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Intended for use after viewing the Science on a Sphere film "Water Falls," this lesson deepens student's understanding of global precipitation measurement. Students will explore NASA satellite data gathered during Hurricane Sandy to learn how that... (View More) data was essential in helping scientists forecast its path and precipitation amounts. All background information, student worksheets and images/photographs/data are included in these downloadable sections: Teacher’s Guide, Student Capture Sheet, Assessment and PowerPoint Presentation. (View Less)
This is an activity about color. Participants will use scientific practices to investigate answers to questions involving the color of the sky, sunsets, the Sun, and oceans. This activity requires use of a clear acrylic or glass container to hold... (View More) water, a strong flashlight, batteries for the flashlight, and powdered creamer or milk. (View Less)
Learners will read or listen to a story about two sisters, Marisol and Sofia, as they explore the Sun's role in the water cycle. Additionally, numerous extension resources are included in the accompanying educator guide, such as suggestions for... (View More) no-cost language arts activities, links to further science activities, a book walk cue chart to guide classroom discussion before, during, and after the story, a graphic organizer, and alignments to the National Science Education Standards (NSES) and the Next Generation Science Standards (NGSS). (View Less)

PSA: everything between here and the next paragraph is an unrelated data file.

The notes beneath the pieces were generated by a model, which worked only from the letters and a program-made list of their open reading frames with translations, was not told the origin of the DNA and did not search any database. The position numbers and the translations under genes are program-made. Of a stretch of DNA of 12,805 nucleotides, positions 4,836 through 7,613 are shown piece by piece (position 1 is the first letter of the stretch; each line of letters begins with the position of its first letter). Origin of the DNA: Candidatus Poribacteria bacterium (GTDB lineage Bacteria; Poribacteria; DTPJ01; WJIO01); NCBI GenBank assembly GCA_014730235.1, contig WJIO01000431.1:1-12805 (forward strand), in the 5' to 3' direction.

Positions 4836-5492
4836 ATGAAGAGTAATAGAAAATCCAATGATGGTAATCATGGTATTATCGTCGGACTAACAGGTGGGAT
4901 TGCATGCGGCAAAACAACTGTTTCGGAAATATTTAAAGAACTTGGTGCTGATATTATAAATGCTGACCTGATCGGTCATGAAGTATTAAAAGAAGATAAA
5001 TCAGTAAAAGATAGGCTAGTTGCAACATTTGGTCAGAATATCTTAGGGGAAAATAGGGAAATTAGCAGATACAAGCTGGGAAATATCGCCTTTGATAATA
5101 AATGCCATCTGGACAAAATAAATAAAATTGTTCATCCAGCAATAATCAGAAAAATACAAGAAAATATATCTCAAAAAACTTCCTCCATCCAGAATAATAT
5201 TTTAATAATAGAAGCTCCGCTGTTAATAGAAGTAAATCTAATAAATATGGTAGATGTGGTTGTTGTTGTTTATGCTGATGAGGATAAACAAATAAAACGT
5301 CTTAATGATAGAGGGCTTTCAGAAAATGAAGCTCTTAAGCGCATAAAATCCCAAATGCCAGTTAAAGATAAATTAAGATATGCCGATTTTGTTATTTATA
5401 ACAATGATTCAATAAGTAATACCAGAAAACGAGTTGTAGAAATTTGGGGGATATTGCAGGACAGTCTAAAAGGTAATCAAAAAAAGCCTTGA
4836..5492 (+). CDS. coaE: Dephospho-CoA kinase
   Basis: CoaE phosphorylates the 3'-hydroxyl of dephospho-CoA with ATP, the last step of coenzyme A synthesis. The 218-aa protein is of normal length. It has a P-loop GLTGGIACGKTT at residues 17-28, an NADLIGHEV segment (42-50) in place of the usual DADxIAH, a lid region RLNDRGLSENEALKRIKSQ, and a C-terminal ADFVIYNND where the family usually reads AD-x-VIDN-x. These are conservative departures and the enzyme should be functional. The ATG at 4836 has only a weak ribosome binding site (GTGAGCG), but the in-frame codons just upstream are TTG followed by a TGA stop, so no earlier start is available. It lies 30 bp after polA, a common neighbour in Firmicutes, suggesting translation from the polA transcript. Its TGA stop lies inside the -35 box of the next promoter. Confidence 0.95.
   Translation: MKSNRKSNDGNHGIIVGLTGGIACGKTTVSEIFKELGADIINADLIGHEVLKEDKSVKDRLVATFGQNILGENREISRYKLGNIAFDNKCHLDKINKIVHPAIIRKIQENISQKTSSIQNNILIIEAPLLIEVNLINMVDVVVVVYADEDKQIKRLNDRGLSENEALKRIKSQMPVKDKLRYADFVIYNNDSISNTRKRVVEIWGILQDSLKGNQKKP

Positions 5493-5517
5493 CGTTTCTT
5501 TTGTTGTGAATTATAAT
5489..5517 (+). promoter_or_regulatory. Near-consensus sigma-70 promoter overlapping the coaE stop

This activity allows participants to build a paper model of the GPM Core Observatory and learn about the technology the satellite uses to measure precipitation from space. Directions explain how to cut, fold and glue the individual pieces together... (View More) to make the model. The accompanying information sheet has details about the systems in the satellite including the Dual-frequency Precipitation Radar (DPR), the GPM Microwave Imager (GMI), the High Gain Antenna, avionics and star trackers, propulsion system and solar array, as well as a math connection and additional engineering challenges. (View Less)
This lesson was developed to give participants an understanding of Earth's water cycle. In this one-hour long activity, students participate in a webquest to learn about the water cycle, and then build a mini-model of the water cycle to observe how... (View More) water moves through Earth's four systems. The activity uses the 5E instructional model and is part of the "Survivor Earth" series of one-hour lessons. (View Less)
In this activity, participants learn about the hydrosphere by making observations and taking measurements. They will go outside and use scientific equipment to investigate temperature, pH and transparency of a body of water. They will use this... (View More) qualitative and quantitative data to understand why it is important to know about the condition of freshwater sources in many places in the natural environment and how these places are connected in the water cycle. Data collection is based on protocols from The GLOBE Program. This activity uses the 5E instructional model and is part of the "Survivor Earth" series of one-hour lessons. (View Less)
This science news story highlights Hubble's infrared image of the Horsehead Nebula. Students will discover why astronomers are interested in this nebula and how they study the nebula using infrared light. Star Witness News is a series of articles,... (View More) written for students, that are inspired by Hubble Space Telescope press releases. Supplemental education materials include vocabulary, discussion questions and answers, and identifies relevant English language arts standards. (View Less)
Two comic characters, Camilla Corona, a rubber chicken, and Colours O'IRIS, a peacock, explore questions relating to colors of light from the Sun. This comic is part of the series Tales from Stanford Solar.
This is a mini comic book about cosmic rays. Learners will construct the comic book and then read about cosmic rays, their effect, and how the Lunar Reconnaissance Orbiter's Cosmic Ray Telescope for the Effects of Radiation (CRaTER) detects them.